Roughly 5% of the US population is believed to have PTSD at any given time. A small percentage of those who meet the requirements for PTSD also meet the requirements for CPTSD. CPTSD stands for Complex Post Traumatic Stress Disorder.
This raises the obvious question of what is CPTSD and is it given the same level of attention as PTSD? Is Complex PTSD a disability? We’ll answer some of those questions here.
What is CPTSD
CPTSD is a more severe form of PTSD. Both stem from traumatic events that deeply impact our mental health. The difference is that CPTSD is usually the result of sustained or repeated trauma, such as abuse or bullying.
There is still much debate and controversy surrounding CPTSD, and the DSM, which is a textbook of mental disorders used by psychiatrists, doesn’t recognize it yet.
Symptoms of CPTSD and PTSD
Some of the symptoms of CPTSD are similar to those of PTSD. These symptoms fall into three categories: Re-experiencing the trauma, high levels of anxiety, and avoidance of certain people, places, or activities.
Re-experiencing occurs when the person in question is exposed to something that reminds them of their trauma. These can take the form of flashbacks or nightmares, as well as a few other things.
The other classes of symptoms occur because the person is trying to prevent re-experiencing symptoms, whether they know it or not. The anxiety occurs because the body is constantly in fight-or-flight mode, ready for danger at a moment’s notice. Avoidance is a desire to prevent re-experiencing whenever possible.
While CPTSD shares some symptoms with PTSD, it also has a few symptoms of its own. CPTSD often affects people’s self-esteem. Those suffering from CPTSD may also meet criteria for Depression.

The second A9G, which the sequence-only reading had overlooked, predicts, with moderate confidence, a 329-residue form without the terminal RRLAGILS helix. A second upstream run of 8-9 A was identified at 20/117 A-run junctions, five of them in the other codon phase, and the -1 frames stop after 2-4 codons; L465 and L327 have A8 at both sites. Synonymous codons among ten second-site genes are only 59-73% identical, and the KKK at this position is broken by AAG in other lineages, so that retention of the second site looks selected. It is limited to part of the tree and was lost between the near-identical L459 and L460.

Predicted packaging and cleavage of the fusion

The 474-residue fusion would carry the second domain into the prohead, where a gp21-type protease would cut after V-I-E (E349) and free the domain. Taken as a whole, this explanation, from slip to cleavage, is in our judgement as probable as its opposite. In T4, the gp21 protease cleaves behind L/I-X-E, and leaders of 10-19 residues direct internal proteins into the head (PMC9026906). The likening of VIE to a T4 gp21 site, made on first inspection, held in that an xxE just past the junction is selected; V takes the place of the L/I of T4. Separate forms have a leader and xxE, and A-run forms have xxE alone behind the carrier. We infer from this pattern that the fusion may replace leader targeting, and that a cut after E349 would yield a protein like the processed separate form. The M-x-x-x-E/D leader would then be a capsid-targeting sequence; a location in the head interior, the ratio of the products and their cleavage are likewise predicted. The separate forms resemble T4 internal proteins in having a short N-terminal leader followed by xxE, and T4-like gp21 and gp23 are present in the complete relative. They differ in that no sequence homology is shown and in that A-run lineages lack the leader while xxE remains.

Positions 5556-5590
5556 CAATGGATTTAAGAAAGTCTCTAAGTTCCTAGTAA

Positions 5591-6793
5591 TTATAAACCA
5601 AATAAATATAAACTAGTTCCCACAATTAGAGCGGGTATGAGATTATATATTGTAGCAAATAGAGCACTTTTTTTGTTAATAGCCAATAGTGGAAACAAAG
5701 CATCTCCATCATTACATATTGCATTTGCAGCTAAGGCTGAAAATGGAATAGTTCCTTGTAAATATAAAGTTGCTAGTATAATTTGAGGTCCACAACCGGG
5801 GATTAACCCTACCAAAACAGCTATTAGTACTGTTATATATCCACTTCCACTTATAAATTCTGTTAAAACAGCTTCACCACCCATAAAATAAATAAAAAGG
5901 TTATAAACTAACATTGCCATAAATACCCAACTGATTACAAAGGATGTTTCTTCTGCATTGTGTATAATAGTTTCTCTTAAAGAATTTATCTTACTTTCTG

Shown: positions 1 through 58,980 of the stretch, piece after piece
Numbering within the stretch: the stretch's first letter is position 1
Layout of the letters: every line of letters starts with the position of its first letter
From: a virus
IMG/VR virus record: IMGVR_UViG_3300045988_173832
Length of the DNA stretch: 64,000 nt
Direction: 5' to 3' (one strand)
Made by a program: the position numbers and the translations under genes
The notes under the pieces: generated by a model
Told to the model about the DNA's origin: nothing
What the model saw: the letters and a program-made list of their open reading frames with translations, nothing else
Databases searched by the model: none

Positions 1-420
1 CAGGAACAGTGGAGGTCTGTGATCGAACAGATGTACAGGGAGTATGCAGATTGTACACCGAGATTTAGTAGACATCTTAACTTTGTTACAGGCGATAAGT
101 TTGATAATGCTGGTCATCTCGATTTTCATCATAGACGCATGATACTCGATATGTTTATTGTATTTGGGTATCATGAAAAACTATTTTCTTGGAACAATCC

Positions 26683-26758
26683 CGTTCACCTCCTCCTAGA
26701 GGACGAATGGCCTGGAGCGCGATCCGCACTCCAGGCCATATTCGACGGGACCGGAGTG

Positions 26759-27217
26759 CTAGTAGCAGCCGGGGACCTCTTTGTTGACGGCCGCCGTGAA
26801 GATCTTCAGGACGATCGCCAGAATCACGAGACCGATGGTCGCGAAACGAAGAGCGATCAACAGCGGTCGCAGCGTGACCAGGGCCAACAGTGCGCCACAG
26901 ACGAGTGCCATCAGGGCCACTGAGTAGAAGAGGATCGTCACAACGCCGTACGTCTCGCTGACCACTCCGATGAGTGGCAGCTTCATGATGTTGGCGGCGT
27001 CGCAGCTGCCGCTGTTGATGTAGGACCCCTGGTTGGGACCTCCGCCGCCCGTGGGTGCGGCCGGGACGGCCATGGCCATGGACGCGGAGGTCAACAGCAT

Research by the Department of Veterans Affairs has shown that those with PTSD are up to five times more likely to develop depression. Those with Complex PTSD might have even higher odds.
Traumatic events can disrupt a person’s ability to control their emotions. This leads to outbursts which can damage relationships.
Clinical View of CPTSD
CPTSD presents a complicated clinical picture. The idea has only been around since the 1980s, and many still consider it as a type of PTSD rather than its own condition.
The good news is that PTSD can be considered a disability depending on which doctor you talk to. Treating PTSD is often covered by insurance. You might also qualify for disability payments.
Is Complex PTSD a Disability?
Is Complex PTSD a disability? The answer isn’t really yes or no. CPTSD can be classified as a disability in some cases. The big issue is that you need a diagnosis to qualify for disability under CPTSD.
Some doctors are reluctant to diagnose PTSD, and some don’t recognize CPTSD as a real condition. If you can get a diagnosis, it will help in many ways. For instance, if your CPTSD occurred while you were working as a civilian on a military base, you should be able to file a Defense Base Act claim.
If you need a good lawyer, we at Barnes Law Firm are here to help. We’ve been in business for over twenty years, so we know the Defense Base Act inside and out. You can learn more by contacting us.